Overtraining…Your Worst Nightmare-

12 Dec

I know that I am always pushing everyone to get active and work out however, there is something else that you need to be aware of if you are active.  Overtraining.  This really can be your worst nightmare.  If you are working out t0o many days of the week, not eating correctly, and not resting enough you could very well fall victim to overtraining.  Your body absolutely needs to have rest and time to recover and repair from the workouts you are putting it through.  How do you know if you are overtraining?  Here are some signs and symptoms that could indicate you are overtraining:

  • Persistent muscle soreness (Delayed onset muscle soreness)
  • Persistent fatigue
  • Elevated resting heart rate
  • Increased susceptibility to infection
  • Increased incidence of injuries
  • Irritability
  • Depression
  • Mental breakdown
  • Weight loss and loss of muscle strength

Muscles and strength can only improve after the rest period following hard workout. This process can take days to complete  (usually about 72 hours) and of course it depends on the intensity and duration of exercise leading to the overtrained state.  If your body doesn’t get the sufficient rest it needs, then the muscle regeneration cannot occur.  When this imbalance persists, than a person performance will then start to plateau and decline. Depending on how severe the overtraining is, it can take several days, weeks or even months for the body to fully recover from overtraining.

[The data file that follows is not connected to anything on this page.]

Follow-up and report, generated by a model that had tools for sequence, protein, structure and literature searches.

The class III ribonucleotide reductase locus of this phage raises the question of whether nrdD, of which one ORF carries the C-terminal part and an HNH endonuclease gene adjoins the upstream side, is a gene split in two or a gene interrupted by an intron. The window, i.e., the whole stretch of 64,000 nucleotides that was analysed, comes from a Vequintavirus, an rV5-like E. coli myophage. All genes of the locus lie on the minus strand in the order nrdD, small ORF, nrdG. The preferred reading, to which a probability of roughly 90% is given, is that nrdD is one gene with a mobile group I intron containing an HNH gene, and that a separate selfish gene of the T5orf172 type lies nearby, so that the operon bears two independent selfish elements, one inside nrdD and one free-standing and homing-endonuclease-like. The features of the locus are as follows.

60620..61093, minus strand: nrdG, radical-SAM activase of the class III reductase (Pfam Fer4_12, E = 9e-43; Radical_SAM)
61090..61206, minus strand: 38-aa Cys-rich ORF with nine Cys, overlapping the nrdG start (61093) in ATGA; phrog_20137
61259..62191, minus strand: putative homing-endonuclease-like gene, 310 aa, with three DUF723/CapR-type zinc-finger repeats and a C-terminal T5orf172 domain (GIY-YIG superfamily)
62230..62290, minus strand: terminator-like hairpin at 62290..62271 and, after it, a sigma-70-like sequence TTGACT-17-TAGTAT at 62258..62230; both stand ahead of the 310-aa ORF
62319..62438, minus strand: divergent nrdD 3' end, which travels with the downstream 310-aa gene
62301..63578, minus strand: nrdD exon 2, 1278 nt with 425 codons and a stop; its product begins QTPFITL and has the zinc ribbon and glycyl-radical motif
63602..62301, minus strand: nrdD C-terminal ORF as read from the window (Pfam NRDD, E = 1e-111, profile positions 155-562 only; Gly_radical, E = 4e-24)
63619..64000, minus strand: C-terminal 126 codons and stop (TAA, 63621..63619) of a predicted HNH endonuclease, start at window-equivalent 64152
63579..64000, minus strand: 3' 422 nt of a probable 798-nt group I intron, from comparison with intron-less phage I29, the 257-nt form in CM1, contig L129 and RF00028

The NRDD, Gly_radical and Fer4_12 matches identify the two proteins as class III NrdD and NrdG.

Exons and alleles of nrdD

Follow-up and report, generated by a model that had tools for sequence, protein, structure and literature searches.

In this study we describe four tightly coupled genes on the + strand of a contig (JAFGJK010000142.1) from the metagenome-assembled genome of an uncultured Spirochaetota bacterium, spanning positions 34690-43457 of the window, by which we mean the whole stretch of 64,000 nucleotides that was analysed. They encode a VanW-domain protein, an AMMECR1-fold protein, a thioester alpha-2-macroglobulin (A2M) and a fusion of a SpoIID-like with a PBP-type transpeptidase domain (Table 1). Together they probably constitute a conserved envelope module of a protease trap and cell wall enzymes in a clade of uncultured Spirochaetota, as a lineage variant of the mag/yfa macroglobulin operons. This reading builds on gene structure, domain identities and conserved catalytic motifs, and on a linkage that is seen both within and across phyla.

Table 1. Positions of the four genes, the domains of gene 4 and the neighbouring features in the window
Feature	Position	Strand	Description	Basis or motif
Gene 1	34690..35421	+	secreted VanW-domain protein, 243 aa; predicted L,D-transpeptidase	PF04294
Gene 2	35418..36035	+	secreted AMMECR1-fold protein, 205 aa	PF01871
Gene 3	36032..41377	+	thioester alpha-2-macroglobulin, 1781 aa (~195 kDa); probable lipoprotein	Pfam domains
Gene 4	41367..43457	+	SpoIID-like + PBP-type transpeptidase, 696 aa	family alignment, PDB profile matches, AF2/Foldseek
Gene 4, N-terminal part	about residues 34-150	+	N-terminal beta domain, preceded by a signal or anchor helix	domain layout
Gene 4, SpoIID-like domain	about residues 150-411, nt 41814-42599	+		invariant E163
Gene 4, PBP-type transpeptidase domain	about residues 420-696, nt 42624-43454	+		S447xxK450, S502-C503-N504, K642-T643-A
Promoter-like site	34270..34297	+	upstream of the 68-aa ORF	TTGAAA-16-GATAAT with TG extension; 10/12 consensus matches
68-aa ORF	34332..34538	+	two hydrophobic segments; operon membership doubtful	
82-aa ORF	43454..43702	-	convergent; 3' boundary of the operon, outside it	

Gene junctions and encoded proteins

People who are malnourished and dieting a lot while exercising are also at high risk for overtraining. This is because their body isn’t getting the sufficient nourishment it needs in order for the body to repair itself.

It is also important that you have a structured workout schedule that allows you to work different muscle groups on different days so that you can allow other muscle groups to recover from your previous day’s workout.  Enlisting in the help of a personal trainer is an excellent idea.  A personal trainer can help design a routine that is best suited for your body and your needs so that you can stay on track, allow your muscles to recover and have a trained professional helping you each step of the way.

Making sure to get your zzzzz’s as well as time out of the gym is also important.  Cell repair and regeneration are at its highest when you are asleep, so making sure you are aiming for that 8 hours of sleep is crucial when you are training.

One of my favorite phrases I like to use is work the muscle, feed the muscle, rest the muscle.  By doing these three simple things, you can help reduce the risk of overtraining significantly.

Until next time, train hard, nourish your body, and rest.


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